[NOTE: Review contains minor spoilers]
Before I get started with my review of the final 5 episodes of Masters of the Universe: Revelation, streaming now on Netflix, I’d highly recommend going out and watching them for yourself. It’s a quick, rewarding way to spend an hour and a half, and if you’ve ever been a He-Man fan in any way, shape or form, it’s certainly well worth a watch.
So, let’s get the main question out of the way… is it any good? Yes, yes it is. Sure, I already loved the series from its first five episodes, but from its emotional opening though every twist and turn on the way to its epic, Avengers: Endgame-esque conclusion, Revelation Part 2 kicks things into a whole new gear.
With its deaths and blood (and even a bit of slightly awkward sexual innuendo), it’s certainly far removed from the campy, superficial, but still thoroughly enjoyable antics of the ’80s original, although we do still get some nice cheesy moments and wonderfully groan-worthy gags along the way to keep us happy.
Mark Hamill gets a lot more to work with here, and is clearly having an absolute blast as Skeletor. Yes, it’s difficult to not hear the Joker in his vocal performance, but he also adds a few unique wrinkles to the character to differentiate him from the Clown Prince of Crime. Sure, he’s no Oppenheimer, but he still brings a lot to the role, including some great comic delivery – pretty much a must when it comes to ol’ boneface.
Narratively, Sarah Michelle Gellar’s Teela is still very much front and centre, which will likely annoy the same people who were annoyed by her very presence (not to mention her haircut) in Part 1. That said, the resolution of her long promised but never delivered destiny is surely something fans have been waiting for for years now, so seeing it finally play out on the small screen should bring a smile to a lot of faces. Her voice acting perhaps isn’t the best at times, but she hits enough of the key moments to keep things moving.
Likewise, Lena Headey’s Evil-Lyn continues to command the spotlight with a stunning performance that is taken to a whole new level here. Watching her character development journey throughout the course of these ten episodes is truly compelling, and she certainly gets a lot of meaty dialogue to sink her teeth into in this five-part finale. Trust me on this.
Once again, Adam’s heroism really comes to the fore here, and the bulk of Part 2 seems intent on showcasing just how strong he is with or without the Power of Grayskull. Chris Wood does a solid job as both He-Man and Adam, and like Hamill, while he doesn’t quite match the performance of the O.G. (in this case John Erwin), he more than holds his own in both the quiet emotional moments and the booming, heroic ones.
Frustratingly, some of the key moments in Part 2 have already been spoiled by the trailer, which I suppose isn’t a huge surprise given the way things are these days, but it’s still more than a little disappointing nonetheless. That said, there are still more than a few noteworthy surprises that have been kept under wraps for the release. I’m looking at you, Episode 3.
Readers of the Dark Horse Comics series also get a little payoff here, with the Orlax featuring prominently in the latter stages of Part 2, and Evil-Lyn’s origin story being recounted in animated form as a way to progress her already compelling character arc. It’s a near little wrinkle that rewards prior knowledge without impacting the story itself, and I’m all for it.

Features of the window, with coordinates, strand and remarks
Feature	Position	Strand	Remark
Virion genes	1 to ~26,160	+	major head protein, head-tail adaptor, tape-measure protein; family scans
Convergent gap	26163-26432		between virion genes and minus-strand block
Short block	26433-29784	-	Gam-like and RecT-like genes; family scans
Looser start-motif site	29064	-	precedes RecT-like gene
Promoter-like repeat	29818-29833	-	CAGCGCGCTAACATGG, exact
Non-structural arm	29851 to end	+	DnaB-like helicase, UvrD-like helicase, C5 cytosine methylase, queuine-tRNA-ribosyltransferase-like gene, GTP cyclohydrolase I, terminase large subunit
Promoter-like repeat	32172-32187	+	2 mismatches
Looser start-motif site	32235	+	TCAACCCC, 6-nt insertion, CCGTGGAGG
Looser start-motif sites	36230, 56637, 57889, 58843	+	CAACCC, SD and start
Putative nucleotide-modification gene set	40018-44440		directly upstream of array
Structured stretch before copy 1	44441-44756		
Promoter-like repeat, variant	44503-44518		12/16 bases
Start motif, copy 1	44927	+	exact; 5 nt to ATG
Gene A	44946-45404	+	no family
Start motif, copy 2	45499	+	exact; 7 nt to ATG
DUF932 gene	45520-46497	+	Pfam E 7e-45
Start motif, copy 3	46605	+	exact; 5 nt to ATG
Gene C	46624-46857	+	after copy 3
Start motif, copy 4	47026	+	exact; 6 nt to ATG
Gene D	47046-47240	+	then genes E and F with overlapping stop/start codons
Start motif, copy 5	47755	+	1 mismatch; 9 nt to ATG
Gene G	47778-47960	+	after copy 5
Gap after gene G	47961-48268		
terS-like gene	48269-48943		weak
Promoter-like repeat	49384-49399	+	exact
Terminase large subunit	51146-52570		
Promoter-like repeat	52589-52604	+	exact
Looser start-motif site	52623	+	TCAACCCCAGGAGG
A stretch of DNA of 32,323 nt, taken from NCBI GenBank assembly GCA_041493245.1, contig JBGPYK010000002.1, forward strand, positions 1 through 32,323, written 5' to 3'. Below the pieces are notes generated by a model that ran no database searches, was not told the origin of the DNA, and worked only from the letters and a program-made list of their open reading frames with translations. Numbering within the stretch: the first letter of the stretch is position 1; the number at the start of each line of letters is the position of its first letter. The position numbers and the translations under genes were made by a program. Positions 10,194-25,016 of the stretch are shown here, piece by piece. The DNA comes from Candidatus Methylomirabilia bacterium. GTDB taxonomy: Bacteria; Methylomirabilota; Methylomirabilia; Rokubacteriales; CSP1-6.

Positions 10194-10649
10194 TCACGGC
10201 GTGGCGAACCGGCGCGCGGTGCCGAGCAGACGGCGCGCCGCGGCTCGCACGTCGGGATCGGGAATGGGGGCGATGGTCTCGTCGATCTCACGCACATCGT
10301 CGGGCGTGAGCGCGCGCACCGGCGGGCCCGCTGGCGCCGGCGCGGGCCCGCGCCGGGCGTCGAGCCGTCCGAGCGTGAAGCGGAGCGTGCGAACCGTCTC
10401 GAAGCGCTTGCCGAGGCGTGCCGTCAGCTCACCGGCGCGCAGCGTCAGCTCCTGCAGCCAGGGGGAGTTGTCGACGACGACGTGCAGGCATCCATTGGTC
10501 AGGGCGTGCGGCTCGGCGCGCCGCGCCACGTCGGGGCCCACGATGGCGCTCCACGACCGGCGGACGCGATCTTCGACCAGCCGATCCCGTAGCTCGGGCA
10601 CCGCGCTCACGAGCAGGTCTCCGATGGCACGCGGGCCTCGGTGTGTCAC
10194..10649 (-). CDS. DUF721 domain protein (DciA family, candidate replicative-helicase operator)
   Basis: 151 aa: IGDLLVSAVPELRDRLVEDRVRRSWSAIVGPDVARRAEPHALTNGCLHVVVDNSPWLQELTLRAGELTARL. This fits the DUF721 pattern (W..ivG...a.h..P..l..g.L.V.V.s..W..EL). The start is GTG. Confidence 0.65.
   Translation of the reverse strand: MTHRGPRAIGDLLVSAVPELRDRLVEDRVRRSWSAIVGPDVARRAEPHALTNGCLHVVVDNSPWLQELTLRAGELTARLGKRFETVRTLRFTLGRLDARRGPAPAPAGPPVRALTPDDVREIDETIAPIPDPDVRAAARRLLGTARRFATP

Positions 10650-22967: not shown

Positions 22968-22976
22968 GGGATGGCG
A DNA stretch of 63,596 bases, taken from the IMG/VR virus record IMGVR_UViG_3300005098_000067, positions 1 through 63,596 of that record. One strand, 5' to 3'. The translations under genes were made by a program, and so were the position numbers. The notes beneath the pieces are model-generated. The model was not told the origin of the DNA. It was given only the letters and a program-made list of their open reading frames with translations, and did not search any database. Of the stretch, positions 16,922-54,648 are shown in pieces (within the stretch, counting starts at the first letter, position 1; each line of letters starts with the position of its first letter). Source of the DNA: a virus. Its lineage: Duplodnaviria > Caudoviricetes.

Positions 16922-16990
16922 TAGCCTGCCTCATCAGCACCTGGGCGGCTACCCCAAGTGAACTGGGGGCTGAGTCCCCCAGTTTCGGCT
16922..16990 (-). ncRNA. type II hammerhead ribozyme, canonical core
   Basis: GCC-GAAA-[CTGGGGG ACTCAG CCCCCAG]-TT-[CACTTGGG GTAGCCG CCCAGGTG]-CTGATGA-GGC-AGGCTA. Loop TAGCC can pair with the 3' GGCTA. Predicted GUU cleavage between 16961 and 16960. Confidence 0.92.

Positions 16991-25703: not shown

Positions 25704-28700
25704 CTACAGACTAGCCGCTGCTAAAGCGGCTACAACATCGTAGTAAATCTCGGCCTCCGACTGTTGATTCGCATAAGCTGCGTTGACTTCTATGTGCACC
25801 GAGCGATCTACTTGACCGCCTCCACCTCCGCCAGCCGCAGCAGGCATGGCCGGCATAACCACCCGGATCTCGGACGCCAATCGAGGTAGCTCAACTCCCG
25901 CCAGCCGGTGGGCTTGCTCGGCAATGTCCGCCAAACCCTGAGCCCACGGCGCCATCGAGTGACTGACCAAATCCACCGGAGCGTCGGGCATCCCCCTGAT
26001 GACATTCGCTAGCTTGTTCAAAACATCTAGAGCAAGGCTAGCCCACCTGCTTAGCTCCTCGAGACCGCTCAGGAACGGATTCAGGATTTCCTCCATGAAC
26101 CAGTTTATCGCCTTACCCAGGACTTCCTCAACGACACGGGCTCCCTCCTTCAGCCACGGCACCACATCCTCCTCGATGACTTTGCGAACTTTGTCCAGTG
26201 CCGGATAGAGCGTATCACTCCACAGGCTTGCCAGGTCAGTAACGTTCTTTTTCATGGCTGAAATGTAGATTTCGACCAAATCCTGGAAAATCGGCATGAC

It’s also worth taking a moment’s silence for the passionate and dedicated MOTU toy collecting community, who will likely be letting out squeals of delight at some of the new character designs we get to see throughout the course of these episodes, even if their wallets perhaps won’t share that enthusiasm.
The animation is of a suitably high quality throughout, particularly during the action sequences, of which there are a lot here. Powerhouse do a great job adding some dynamism and creativity to the frequent skirmishes, with bold character models, fluid movement and a faintly anime-tinged approach that adds energy without going to the slightly silly extremes of the 200X Mike Young Productions version and all its weapon-twirling, endless-jumping glory.
One thing that muddies the waters a little in Part 2 is the strangely inconsistent ‘rules’ surrounding the magic of Eternia, which seem to change as the situation dictates. It’s difficult to keep a track on what’s happening with the Power of Grayskull, its various rules, and the strength levels of its various wielders, but as with most of these kinds of situations, it’s probably easier not to think too deeply about it and allow yourself to be swept along by the story instead.
Honestly, at the end of the day, I can’t see how any self-respecting MOTU fan couldn’t find at least something to love about this series. And while we’ll still likely have the same YouTubers and Outrage Grifters trying to twist everything about this series into a negative, this objectively feels like something of a redemption for the (mostly) unfounded criticism the show had dumped on it at the halfway point.
Is it perfect? Absolutely not. There are definite pacing issues and some ongoing tonal inconsistencies that are hard to ignore, but when it comes to sheer unadulterated fan service and delivering a high-stakes, action-packed love letter to all things Masters of the Universe, Revelation most definitely hits the mark.